After a hiatus of about 10 years, Iraq may open doors to Indian tea. The Baghdad Chamber of Commerce has invited Indian tea companies to participate in the first tea festival in Iraq which will be held at the end of this month. This will help the Indian tea companies that produce around 1,400 million kg of tea a year to network with Iraqi buyers and regain the lost market. Confirming the invitation, Sujit Patra, secretary of the Indian Tea Association (ITA), said: “Iraq had been a major market for Indian tea till 2006. But subsequently, due to various issues which included a delay in payment, Indian exports gradually dwindled and came to a complete halt somewhat around 2011-2012.” The Iraqi government used to procure tea from India under the UN’s food for oil scheme. In those days, Iraq used to import around 80 million kg of tea, including 40-45 million kg from India. However, since 2007, Sri Lanka has replaced India as the top supplier and currently accounts for more than 80% of the Iraq market. Meanwhile, Indian exporters gradually lost all contacts with Iraqi buyers. Following the Baghdad Chamber of Commerce’s invitation, the Embassy of India in Baghdad has approached the Tea Board for participation along with Indian tea companies in the tea festival on November 28-29. The ITA executive said the two countries enjoy long-standing trade, cultural and political relationships. India has sufficient supplies of the type of tea that Iraq imports, and at various price points. “To regain the lost Iraq market, the ITA has requested the Tea Board and Indian embassy’s active support to rebuild confidence and relation with the Iraqi buyers. We hear that some Indian teas enter Iraq through Dubai, but there are no direct exports. Therefore, direct export needs to be restored,” Patra said. India’s tea exports were at an all-time low of 119 million kg during January-August this year. The shipments for this period last year totalled 135 million kg. Higher shipment cost, payment problems in Iran and higher exports of Kenyan tea in the global markets at much lower prices have impacted Indian exports this year. The Indian tea trade has requested the government to work out a free trade agreement or preferential trade agreement with Bangladesh, Iran, Russia and Turkey to boost exports. India’s competitor in the global tea market, Kenya and Sri Lanka, have already worked out such arrangements with importing nations. Kenya has taken advantage of zero duty with Egypt and made preferential quid pro quo trade agreement with Pakistan, the second largest importer of tea. Sri Lanka has made barter arrangements with Turkey, a tea producing country with high import duty, and is now negotiating with China and Bangladesh for preferential trade agreements.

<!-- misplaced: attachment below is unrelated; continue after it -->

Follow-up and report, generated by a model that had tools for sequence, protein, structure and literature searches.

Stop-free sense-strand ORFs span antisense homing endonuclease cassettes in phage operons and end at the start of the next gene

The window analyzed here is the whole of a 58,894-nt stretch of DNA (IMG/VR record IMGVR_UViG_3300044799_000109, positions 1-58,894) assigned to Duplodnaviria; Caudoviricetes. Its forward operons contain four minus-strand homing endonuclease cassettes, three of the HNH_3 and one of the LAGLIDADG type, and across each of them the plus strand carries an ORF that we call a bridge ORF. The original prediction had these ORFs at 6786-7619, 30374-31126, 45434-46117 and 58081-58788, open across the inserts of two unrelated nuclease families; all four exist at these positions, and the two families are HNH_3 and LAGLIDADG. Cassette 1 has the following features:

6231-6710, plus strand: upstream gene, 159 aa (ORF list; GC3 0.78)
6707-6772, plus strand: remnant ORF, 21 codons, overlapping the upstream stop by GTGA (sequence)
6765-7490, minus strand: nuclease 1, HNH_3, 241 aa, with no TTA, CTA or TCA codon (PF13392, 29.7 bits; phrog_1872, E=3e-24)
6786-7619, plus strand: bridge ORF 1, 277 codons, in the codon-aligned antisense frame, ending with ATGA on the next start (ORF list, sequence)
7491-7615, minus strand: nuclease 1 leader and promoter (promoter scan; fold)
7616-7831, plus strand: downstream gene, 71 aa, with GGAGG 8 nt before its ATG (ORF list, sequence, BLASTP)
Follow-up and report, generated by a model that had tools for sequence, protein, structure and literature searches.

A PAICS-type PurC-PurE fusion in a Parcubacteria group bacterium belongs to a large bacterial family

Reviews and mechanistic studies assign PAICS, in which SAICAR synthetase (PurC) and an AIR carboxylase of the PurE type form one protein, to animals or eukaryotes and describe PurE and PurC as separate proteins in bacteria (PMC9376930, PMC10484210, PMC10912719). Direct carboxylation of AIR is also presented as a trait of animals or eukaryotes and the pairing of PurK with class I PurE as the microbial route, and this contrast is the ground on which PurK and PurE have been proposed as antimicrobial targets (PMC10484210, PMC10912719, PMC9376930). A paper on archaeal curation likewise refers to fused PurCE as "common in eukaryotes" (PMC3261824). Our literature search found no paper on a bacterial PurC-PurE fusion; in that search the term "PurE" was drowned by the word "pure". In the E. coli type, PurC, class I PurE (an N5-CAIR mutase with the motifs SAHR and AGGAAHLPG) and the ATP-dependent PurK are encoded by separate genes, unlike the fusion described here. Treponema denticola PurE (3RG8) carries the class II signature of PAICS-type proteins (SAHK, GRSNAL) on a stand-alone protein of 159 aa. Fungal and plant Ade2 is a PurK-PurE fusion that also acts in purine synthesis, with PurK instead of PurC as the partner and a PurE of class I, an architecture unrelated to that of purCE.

Source: Economic Times